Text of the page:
Student’s Name
Tutor’s Name
Course
Dates
 
Introduction
My name is ………………………………………………. The effectiveness associated with the circulatory system in the body of a human being cannot be underestimated, which also applies to the role of communication. The purpose of communication, be it in organizations, between two groups, or between two individuals is essential, and just like the circulatory system, the process of communication between two parties is inseparable and continuous. Effective interpersonal communication skills enhance processes like conflict management, counseling, and intimate relationships (Walker 33). However, the entire class on interpersonal communication skills has enabled me to identify the barriers that ensure that such skills are not met. Filtering is a barrier to effective interpersonal communication skills.
Filtering
Filtering is where the information being communicated to the receiver goes through manipulations. The primary reason why messages are manipulated is to ensure that it sounds favorable to the receiver. However, sifting, or filtering of messages is associated with adverse consequences (Lunenburg and Allan 7). For example, the receiver may have high expectations and later get disappointments. The receiver becomes upset especially when they realize that information was sifted (Lunenburg and Allan 7). The concept made me change the manner in which I conversed with people as I was used to offering information that pleased the people who listened to me. At the end of the whole thing, I would upset most of them because of filtering some information instead of letting them take the news as they were.
Explain How you Communicated or Thought Before Learning About This Concept.
Before learning the concepts of message filtering and concepts, I used to talk with people with the aim of fulfilling certain objectives and not putting into account the content of the message and the repercussions that would follow. For example, at one time while conducting a marketing program, I failed to disclose certain negative information to clients with intentions of making massive sales. I did not know that the people I sold the goods to did so because of they were unaware of negative attributes of the items I sold. For example, I once sold a phone to a client that did not have all the requirements that he needed by pretending I had misunderstood his instructions. The client had stated that he needed the phone because of its internal memory capacity. However, I was aware that it did not have a huge internal memory. Nonetheless, I ended up advising the client that the phone had the best feature and a huge storage capacity if he used an SSD card. Later on, he found out that I had concealed this information in order to make him purchase the product. The company reimbursed the client, but the incident almost cost me my job.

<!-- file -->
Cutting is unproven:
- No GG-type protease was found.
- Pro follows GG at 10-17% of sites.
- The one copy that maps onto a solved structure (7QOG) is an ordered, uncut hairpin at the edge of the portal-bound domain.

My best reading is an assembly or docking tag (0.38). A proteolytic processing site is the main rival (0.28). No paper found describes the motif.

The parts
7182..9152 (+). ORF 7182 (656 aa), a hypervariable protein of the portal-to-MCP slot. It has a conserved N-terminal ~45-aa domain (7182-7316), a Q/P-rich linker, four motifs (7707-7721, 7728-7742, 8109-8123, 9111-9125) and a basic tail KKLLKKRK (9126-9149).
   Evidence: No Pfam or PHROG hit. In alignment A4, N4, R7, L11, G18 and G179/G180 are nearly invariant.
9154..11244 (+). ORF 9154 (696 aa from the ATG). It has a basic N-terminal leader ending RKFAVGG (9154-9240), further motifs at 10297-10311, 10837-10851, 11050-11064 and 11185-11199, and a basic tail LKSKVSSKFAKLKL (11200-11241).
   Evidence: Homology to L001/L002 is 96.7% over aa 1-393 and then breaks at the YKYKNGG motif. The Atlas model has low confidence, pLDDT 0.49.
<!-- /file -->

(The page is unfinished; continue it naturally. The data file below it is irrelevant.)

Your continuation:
Explain how Your Communication has Changed From Learning This Concept
After experiencing the phone scandal incident and also learning the role of interpersonal communication skills, I changed the way in which I conversed with people. Nowadays, lay down the facts as they are so that individuals can make well-informed decisions based on the messages that I communicate to them. At one time, a friend had flopped in class and had bad grades. I did not sift the information I had for them by attempting to show them that things would be better. Instead, I challenged my friend to work hard failure to which she would not score better grades in future. Her reaction to my message was not pleasing, but at least, she put more effort in her academics and improved on her grades.
Conclusion
To sum pub, filtering of information is a barrier to effective interpersonal communication skills. Information filtering leads to consequences which include disappointments that upset the receiver. Therefore, effective interpersonal communication skills should not incline at impressing the receiver of the news but instead they should be aimed at availing facts relating to the information in context.
 
 
Works Cited
Lunenburg, Frederick C, and Allan C. Ornstein. Educational Administration: Concepts and Practices. , 2012. Print.
Walker, Tracy Ann. A Case Study: Interpersonal Skills for Future Business Leaders to Achieve Organizational Performance Goals. Order No. 3538845 University of Phoenix, 2012 Ann ArborProQuest. 13 Apr. 2017.